From obscurity to social media & eblitz, FHS launches E-newsletter Fallasburg Today on 10-1-2015
By Emma Palova
Lowell, MI- The Fallasburg Historical Society (FHS) has emerged from a forgotten 1830s pioneer village of the past as a leader of historic preservation into the future. The vibrant society has 50 years of experience in the field, an active board, volunteers, members, sponsors and supporters.
The FHS president Ken Tamke took the lead in getting the society on the fast track with social media marketing and blogging after a stagnant struggle to increase public awareness.
The FHS website at fallasburg.org with a Facebook page plug-in and a donate paypal button is stocked with good information, but lacks the dynamics and connectivity of blogging and social media blitz.
“Our goal is to double the membership and increase the participation in our events,” said Tamke, “to build up on our current events and new events.”
As of today, Oct. 1 the FHS has a brand new E-newsletter with all the sharing buttons. Partners and sponsors images are linked to their websites.
“We’re very excited about the progress we have made since the inception of the society in 1965,” he writes in his president’s message.
The new Fallasburg bazaar held in September generated a definite interest in the village. Twenty people came from a distance looking for the historical buildings, according to pioneer bazaar vendors.
“We met our goals of increasing public awareness of the village of Fallasburg,” said FHS marketer Emma Palova of Emma Blogs, LLC. “We will continue to move forward with our projects.”
And it is a long list of projects with funding yet to emerge. The FHS will pursue grant funding from local and regional sources, donors and sponsorship.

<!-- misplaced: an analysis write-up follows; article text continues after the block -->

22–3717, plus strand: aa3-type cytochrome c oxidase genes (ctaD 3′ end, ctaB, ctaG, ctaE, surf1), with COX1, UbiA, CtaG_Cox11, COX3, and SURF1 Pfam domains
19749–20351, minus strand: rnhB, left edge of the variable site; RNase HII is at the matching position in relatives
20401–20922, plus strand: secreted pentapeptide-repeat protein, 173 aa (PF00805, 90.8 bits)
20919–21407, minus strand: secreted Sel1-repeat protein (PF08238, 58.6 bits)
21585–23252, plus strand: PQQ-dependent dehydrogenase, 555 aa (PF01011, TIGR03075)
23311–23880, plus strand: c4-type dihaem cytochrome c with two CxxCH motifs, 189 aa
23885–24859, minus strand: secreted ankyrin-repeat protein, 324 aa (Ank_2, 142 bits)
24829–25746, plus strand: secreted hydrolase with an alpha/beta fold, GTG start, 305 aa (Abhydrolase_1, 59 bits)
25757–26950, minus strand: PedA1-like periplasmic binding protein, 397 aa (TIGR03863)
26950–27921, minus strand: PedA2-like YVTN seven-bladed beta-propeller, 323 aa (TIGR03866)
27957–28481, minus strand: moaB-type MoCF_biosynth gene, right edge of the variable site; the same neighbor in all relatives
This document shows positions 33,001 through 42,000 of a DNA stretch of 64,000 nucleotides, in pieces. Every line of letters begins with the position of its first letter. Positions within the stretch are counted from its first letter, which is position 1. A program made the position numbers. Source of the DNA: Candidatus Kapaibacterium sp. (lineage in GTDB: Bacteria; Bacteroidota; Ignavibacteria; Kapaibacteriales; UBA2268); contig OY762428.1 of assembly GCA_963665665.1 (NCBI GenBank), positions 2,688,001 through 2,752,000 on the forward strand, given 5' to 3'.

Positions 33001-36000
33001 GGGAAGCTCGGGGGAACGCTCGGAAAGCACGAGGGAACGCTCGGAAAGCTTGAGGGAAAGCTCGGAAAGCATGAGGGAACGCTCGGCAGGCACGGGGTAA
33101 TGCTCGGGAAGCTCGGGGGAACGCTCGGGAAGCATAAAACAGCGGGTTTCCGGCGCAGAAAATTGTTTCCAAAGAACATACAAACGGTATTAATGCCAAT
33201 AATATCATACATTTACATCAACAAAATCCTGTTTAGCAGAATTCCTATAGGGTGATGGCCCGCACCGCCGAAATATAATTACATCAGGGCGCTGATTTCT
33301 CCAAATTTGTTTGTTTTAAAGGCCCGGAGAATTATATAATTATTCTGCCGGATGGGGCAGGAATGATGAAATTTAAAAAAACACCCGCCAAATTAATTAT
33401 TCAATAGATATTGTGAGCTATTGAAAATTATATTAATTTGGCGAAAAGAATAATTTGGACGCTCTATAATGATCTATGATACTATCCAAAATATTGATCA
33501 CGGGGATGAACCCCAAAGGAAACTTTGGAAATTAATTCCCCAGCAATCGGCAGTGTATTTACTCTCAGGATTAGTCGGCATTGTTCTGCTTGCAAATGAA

The ongoing repair of the Tower Farm with a price tag of $100,000 has been on the FHS radar screen for a long time. The roof has been repaired, but the rest of the exterior and interior need work.
The archived materials need to be transferred into digital form. An intern from the Lowell Area Historical Museum will be working on that, according to Tamke.
An E-brochure “Fallasburg Today” and an E-book “50 Years of Fallasburg Historic Preservation” (c) and a mobile app are in the works.
The Fallasburg Today blog will introduce a new “Fall back in time” (c) reading series from the news and the FHS archives to get through the long winter months. This will dovetail with the E-book project.
“My goal is to transport the readers of this series back in time when John Fallas founded the village in 1800s,” said Palova, “But I want to keep it lively and entertaining with a dramatic twist.”
The series was inspired by the Bannister community of Czech origin keeping the Czech agricultural heritage alive in the middle of nowhere.
The FHS is also a part of the Tri-River Historical Museum Network that links together small town museums in Barry, Ionia, Kent & Montcalm counties. The network of 27 museums is located along the Flat, Grand and Thornapple Rivers.
Chair Sally Johnson said she will present the proposed “Fall Back in Time” 2016 tour at the joint meeting in Grattan Township on Oct. 20 at 10 a.m.
The tour would be modeled after the successful “Spring into the Past” museum tour in May.
Visit with our partners:
Tri-River Museum Network at http://www.ioniahistory.org
Whites Bridge Historical Society at http://whitesbridgehistoricalsociety.org
Lowell Area Historical Museum at www.lowellmuseum.org
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